The human visual system is trichromatic and therefore reduces higher dimensional spectral data to three dimensions. Two stimuli with different spectral power curve shapes can result in the same cone response and therefore match each other. Color reproduction systems take advantage of this effect and match color by creating the same cone response as the original but with different colorants. ICC color management transforms all colors into a three-dimensional reference color space, which is independent from any input or output devices. This concept works well for a single defined observer and illumination conditions, but in practice, it is not possible to control viewing conditions leading to severe color mismatches, particularly for paintings. Paintings pose unique challenges because of the large variety of available colorants resulting in a very large color gamut and considerable spectral variability. This research explored spectral color reproduction using a seven-color electrophotographic printing process, the HP Indigo 7000. Because of the restriction to seven inks from the 12 basic inks supplied with the press, the research identified both the optimal seven inks and a set of eight artist paints which can be spectrally reproduced. The set of inks was Cyan, Magenta, Yellow, Black, Reflex Blue, Violet and Orange. The eight paints were Cadmium Red Medium, Cadmium Orange, Cadmium Yellow Light, Dioxazine Purple, Phthalo Blue Green Shade, Ultramarine Blue, Quinacridone Crimson and Carbon Black. The selection was based on both theoretical and experimental analyses. The final testing was computational indicating the possibility of both spectral and colorimetric color reproduction of paintings.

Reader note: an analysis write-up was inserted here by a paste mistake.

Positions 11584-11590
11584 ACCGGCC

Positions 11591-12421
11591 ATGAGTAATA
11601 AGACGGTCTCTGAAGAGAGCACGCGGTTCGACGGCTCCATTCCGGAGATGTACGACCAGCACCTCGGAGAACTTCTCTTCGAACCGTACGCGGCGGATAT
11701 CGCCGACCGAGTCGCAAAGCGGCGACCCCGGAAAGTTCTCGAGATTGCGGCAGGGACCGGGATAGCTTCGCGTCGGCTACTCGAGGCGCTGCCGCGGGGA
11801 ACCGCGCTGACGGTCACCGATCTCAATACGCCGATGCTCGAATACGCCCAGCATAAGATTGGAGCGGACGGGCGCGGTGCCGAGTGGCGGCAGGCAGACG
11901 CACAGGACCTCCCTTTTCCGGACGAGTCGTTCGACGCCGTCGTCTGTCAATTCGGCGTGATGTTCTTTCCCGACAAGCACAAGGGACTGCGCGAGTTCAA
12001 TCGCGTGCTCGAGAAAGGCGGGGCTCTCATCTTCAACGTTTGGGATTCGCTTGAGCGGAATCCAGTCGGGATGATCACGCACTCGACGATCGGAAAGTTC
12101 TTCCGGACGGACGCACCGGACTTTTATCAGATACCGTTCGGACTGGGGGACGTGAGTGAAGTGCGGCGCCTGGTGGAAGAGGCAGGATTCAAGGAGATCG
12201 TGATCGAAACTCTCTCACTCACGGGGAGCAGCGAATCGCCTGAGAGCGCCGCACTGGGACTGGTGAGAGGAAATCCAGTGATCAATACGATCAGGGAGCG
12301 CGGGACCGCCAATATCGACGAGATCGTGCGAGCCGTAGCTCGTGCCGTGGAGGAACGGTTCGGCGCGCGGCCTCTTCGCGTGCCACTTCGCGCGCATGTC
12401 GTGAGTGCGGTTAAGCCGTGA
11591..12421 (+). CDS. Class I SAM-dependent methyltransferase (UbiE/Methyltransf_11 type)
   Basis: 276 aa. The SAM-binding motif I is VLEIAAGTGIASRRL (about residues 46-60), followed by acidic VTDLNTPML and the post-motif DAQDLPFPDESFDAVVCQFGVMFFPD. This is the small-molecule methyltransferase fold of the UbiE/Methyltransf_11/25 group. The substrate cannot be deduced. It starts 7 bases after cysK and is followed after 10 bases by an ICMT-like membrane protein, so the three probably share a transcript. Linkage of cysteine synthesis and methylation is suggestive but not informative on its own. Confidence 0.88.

Library of Congress Subject Headings

Art objects--Reproduction; Color printing--Technique; Color vision; Spectrum analysis; Colorimetry

Publication Date


Document Type


Department, Program, or Center

School of Print Media (CIAS)


Berns, Roy


Note: imported from RIT’s Digital Media Library running on DSpace to RIT Scholar Works. Physical copy available through RIT's The Wallace Library at: NK1128 .M84 2012


RIT – Main Campus